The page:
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How the Power of Seasonal Marketing Can Help Attract Students

Greg Shula

July 5, 2023

There’s a reason you see more advertisements for florists in the weeks before Valentine’s Day. It’s the same reason gyms capitalize on the “new year, new you” weight loss trend in January. These businesses use seasonal marketing to make their promotions and campaigns feel more timely and relevant. Your organization can do the same for its courses.

Seasonal marketing taps into the collective emotions, experiences, memories, and traditions associated with each season to create compelling marketing. These campaigns provide a sense of urgency by making courses feel timely. They also drive engagement because they align with what students are likely to be thinking and feeling at any given time of year. 

What Is Seasonal Marketing for Courses? 

There are two ways to apply seasonal marketing to your courses. The first adopts a long-term mentality, while the second takes a more short-term view.

Each season is associated with different themes and events that you can use in your course marketing. For example, summer is a great time to promote classes that keep kids busy during school vacation.

In long-term seasonal marketing, you divide the calendar into the four seasons: winter, spring, summer, and fall. Each comes with its own themes and associations. For example, many people think of summer as a time for relaxation and fun. Winter is more cozy and often focuses on family traditions or holiday meals.

A long-term seasonal marketing strategy builds offers and promotions around each season. Here are some long-term seasonal promotion themes for each season:

  • Winter: cozy crafts, classes as holiday gifts, classes as cures for cabin fever 
  • Spring: grow your skills this season, classes that get students outside
  • Summer: summer savings promotions, outdoor adventures, classes to occupy kids during school vacation
  • Fall: harvest-themed art classes, recipes and cooking, back-to-school deals

Seasonal marketing ideas for classes in Winter, Summer, Spring and Fall

In short-term seasonal marketing, the calendar is divided by holidays. After July 4 comes Labor Day, then Columbus Day/Indigenous Peoples’ Day, then Veterans Day, and so on. You might also include special observances like National Senior Citizens’ Day or more playful holidays like Space Exploration Day.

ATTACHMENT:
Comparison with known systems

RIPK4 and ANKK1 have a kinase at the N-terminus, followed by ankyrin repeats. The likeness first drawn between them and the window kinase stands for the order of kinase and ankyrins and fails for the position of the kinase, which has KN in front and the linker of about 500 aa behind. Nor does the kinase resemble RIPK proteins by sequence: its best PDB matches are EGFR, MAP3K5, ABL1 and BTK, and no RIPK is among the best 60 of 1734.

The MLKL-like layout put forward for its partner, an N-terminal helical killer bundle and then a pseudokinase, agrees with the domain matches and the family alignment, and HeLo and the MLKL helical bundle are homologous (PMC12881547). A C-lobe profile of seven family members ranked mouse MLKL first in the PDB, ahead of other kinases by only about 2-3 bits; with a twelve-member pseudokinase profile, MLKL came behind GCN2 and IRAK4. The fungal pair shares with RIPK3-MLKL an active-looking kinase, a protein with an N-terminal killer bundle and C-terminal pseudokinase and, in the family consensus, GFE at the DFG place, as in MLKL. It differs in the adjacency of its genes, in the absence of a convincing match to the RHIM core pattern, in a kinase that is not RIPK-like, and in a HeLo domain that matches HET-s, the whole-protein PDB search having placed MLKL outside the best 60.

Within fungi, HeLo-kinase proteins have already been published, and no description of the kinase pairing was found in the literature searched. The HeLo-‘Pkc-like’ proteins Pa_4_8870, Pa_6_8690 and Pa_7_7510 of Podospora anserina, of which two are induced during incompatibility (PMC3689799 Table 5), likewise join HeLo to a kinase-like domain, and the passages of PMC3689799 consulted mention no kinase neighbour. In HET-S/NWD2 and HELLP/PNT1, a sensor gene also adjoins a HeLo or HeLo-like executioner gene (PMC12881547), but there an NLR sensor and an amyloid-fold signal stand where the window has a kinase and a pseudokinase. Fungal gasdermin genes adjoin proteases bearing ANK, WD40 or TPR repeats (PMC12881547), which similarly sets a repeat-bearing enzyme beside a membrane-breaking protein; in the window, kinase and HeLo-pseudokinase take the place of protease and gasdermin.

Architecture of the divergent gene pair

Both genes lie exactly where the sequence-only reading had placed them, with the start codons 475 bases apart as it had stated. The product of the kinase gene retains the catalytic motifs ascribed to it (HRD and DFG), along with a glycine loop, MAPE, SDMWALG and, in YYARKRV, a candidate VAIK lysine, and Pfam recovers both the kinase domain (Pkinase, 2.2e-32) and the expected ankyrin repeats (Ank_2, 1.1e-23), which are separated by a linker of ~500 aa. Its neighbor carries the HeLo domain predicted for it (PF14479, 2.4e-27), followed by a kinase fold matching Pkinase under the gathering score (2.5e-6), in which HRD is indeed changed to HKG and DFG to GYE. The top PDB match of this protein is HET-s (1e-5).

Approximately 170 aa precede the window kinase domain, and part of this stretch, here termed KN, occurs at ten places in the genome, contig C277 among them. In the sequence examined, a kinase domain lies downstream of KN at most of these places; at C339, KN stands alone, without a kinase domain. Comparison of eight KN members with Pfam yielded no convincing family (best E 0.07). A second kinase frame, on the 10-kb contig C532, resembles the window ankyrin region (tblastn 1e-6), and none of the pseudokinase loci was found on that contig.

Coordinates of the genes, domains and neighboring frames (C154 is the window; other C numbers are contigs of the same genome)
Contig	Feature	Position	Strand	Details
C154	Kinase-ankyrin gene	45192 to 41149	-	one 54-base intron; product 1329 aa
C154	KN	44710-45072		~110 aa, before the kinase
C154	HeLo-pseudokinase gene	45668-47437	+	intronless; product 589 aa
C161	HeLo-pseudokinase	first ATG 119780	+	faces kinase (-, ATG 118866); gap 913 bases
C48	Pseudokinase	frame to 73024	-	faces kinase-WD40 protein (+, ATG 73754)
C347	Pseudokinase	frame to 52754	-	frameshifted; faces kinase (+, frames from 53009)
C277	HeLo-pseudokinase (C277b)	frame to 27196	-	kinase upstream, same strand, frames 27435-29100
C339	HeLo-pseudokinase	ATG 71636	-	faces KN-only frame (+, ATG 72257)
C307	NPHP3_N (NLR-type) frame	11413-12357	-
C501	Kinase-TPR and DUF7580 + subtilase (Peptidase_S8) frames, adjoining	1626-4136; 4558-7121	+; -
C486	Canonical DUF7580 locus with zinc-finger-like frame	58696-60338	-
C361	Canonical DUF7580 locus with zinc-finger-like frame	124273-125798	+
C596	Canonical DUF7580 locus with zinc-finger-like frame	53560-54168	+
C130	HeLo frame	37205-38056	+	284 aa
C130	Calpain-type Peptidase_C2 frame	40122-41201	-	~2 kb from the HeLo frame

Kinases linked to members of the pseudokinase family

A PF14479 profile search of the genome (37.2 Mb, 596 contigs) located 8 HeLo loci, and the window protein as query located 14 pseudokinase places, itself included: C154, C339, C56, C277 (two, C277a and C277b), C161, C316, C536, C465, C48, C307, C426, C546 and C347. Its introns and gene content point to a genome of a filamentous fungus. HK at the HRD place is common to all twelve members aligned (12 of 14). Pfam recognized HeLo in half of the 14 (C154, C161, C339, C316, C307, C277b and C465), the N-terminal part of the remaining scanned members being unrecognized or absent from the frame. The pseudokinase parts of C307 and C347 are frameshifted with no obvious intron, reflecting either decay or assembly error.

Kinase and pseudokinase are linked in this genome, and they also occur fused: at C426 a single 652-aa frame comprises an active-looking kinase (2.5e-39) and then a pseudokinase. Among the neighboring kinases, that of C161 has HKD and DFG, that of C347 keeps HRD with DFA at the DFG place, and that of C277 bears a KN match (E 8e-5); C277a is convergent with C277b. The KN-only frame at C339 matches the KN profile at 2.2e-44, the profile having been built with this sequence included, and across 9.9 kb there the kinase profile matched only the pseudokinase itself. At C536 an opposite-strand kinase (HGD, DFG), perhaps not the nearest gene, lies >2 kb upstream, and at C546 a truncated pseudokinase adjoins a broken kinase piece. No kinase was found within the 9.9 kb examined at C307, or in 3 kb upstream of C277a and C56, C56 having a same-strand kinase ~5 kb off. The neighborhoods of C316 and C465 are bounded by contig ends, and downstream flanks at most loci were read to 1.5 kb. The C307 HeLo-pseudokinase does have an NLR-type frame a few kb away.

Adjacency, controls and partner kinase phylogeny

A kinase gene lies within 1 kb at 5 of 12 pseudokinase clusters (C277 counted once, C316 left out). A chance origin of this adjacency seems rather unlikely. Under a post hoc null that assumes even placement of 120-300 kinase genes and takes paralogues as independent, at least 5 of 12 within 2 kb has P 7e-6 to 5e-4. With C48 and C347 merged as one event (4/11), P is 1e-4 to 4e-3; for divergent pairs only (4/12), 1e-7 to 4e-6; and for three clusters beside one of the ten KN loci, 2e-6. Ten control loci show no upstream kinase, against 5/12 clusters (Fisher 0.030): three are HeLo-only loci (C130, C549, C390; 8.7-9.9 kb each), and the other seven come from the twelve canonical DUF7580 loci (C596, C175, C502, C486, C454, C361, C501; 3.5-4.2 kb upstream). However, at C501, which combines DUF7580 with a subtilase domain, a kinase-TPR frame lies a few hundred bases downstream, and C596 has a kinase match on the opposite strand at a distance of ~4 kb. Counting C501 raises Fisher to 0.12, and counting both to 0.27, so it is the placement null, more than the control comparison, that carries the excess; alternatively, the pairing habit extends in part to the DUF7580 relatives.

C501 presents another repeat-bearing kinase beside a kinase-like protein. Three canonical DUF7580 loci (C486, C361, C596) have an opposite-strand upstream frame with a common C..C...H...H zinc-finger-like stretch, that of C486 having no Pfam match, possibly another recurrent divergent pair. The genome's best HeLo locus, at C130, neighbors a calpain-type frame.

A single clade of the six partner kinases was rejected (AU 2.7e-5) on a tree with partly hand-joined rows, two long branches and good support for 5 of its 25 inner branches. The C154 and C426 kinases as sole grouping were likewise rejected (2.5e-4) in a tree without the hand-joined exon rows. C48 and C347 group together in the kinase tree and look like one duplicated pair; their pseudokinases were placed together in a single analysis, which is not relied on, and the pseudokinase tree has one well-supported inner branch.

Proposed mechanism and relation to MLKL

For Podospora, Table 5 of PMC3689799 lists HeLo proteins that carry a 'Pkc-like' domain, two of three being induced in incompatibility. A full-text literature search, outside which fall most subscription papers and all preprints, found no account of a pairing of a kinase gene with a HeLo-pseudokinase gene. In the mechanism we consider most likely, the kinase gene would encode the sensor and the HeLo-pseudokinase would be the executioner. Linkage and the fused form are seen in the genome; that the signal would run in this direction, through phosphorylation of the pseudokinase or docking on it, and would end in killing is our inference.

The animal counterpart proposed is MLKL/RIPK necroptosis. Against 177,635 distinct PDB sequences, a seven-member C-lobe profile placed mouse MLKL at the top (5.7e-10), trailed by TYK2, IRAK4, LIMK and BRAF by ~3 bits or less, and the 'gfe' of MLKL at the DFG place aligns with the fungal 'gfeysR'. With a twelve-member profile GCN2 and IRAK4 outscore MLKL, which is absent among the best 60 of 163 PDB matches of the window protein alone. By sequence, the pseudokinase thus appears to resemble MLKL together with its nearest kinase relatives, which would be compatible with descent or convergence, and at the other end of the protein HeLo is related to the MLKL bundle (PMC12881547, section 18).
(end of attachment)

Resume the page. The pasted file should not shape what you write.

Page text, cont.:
A short-term seasonal marketing strategy is precise and focused. While it requires more work by constantly pivoting to the next holiday, it also creates a sense of urgency and the need to “act now,” prompting your audience to take action.

How to Use Seasonal Marketing to Boost Course Registration

Planning is essential for seasonal marketing. You should always be thinking at least a few months ahead of the current season or holiday. This kind of forward thinking takes effort, but can also help you connect with more students. 

If you’re not used to thinking this way, it can take some getting used to. Here are four areas to consider if you want to try seasonal marketing for your classes. 

1. Give Classes Seasonal Themes

Seasonal courses can make your course catalog feel fresh and relevant. Even if you’re teaching the same basic skills all year round, you can make them feel more timely by adding seasonal elements. 

Here’s an example of how you might adjust a drawing class to fit different seasons: 

  • Winter: Learn to Draw Portraits as Holiday Gifts
  • Spring: Draw a Mother’s Day Portrait
  • Summer: Learn to Draw Portraits in Outdoor Settings
  • Fall: Learn to Draw Cozy Portraits of Friends and Family

For theater programs, you might build workshops around plays that take place during particular seasons. Cooking classes can make recipes that use the fruits and vegetables of the season. By identifying key aspects of each season and connecting them to the subject matter, you can create an engaging class that feels relevant to the time of year.

2. Incorporate Nature-Based Activities